This aspect of the Pendleton Report is important, and we hope and expect that our new Chief will ameliorate strained personnel relations in the Department. But by emphasizing this part of the Report, the press neglects an opportunity to consider more important content. It doesn’t matter to most Bainbridge residents if lieutenants at the BIPD communicate poorly about scheduling. Nor does it matter, to most people, if patrol officers ignore instructions from their lieutenants. What matters to Bainbridge residents, and what matters to Islanders for Collaborative Policing, is what happens outside the four walls of the police department: the kind of interaction officers have with residents, how they respond to crime, how people are treated who are experiencing crisis. The Pendleton Report makes two recommendations that speak directly to police/community relations: the improvement of police complaint procedures, and the establishment of a citizen commission that would have a “formal role” in the complaint and discipline process.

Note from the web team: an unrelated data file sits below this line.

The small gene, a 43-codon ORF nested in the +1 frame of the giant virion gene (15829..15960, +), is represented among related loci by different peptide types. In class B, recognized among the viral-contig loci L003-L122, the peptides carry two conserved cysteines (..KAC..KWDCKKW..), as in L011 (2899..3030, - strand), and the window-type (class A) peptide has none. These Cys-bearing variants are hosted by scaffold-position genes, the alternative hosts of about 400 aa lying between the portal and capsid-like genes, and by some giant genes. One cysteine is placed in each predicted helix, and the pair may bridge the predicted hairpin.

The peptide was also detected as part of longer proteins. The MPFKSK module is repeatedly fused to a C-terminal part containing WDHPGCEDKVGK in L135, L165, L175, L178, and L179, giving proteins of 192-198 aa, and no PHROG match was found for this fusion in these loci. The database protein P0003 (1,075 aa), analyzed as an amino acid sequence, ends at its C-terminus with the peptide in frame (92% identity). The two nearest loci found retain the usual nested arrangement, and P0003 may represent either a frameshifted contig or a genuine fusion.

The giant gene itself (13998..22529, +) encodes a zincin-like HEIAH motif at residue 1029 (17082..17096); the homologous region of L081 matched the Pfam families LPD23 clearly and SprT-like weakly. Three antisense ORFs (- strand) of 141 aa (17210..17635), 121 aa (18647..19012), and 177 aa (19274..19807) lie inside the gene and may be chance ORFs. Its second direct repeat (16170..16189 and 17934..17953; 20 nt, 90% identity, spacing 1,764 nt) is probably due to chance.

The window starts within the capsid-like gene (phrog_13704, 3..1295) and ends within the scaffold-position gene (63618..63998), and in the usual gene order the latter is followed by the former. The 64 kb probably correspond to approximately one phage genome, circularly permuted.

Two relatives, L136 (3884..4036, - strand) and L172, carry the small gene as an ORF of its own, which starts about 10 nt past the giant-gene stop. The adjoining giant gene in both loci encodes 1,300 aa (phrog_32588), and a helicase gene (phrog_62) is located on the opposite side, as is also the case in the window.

Some history, here, is in order. Several years ago, police accountability expert Sam Pailca was hired, by the Bainbridge Island City Council, to assess police complaint policy and procedures. Her findings were unequivocal: the BIPD, she found, has inadequate mechanisms to accept complaints, has practices in place to deter complaints, and, once complaints are taken, have processes in place that deter fair resolution. “The complaint handling system itself,” she reports, “evidences an overall lack of maturity and sophistication.” Among her many recommendations: new and customer-service oriented methods for accepting complaints, better complaint classification and reporting procedures, and new ways of investigating complaints that reduce the chance of conflicting interests (i.e., don’t have members of the same guild investigate each other). 

The City’s reaction was to apply a few minor tweaks, such as creating an online complaint form, and to consider the matter resolved. According to former Interim Public Safety Director Larry Dickerson (in August of last year), “we have already implemented all suggestions recommended by the 2011 Pailca report” and “citizens have myriad options for lodging complaints.” (Memorandum to former Interim City Manager Morgan Smith about ICP recommendations.)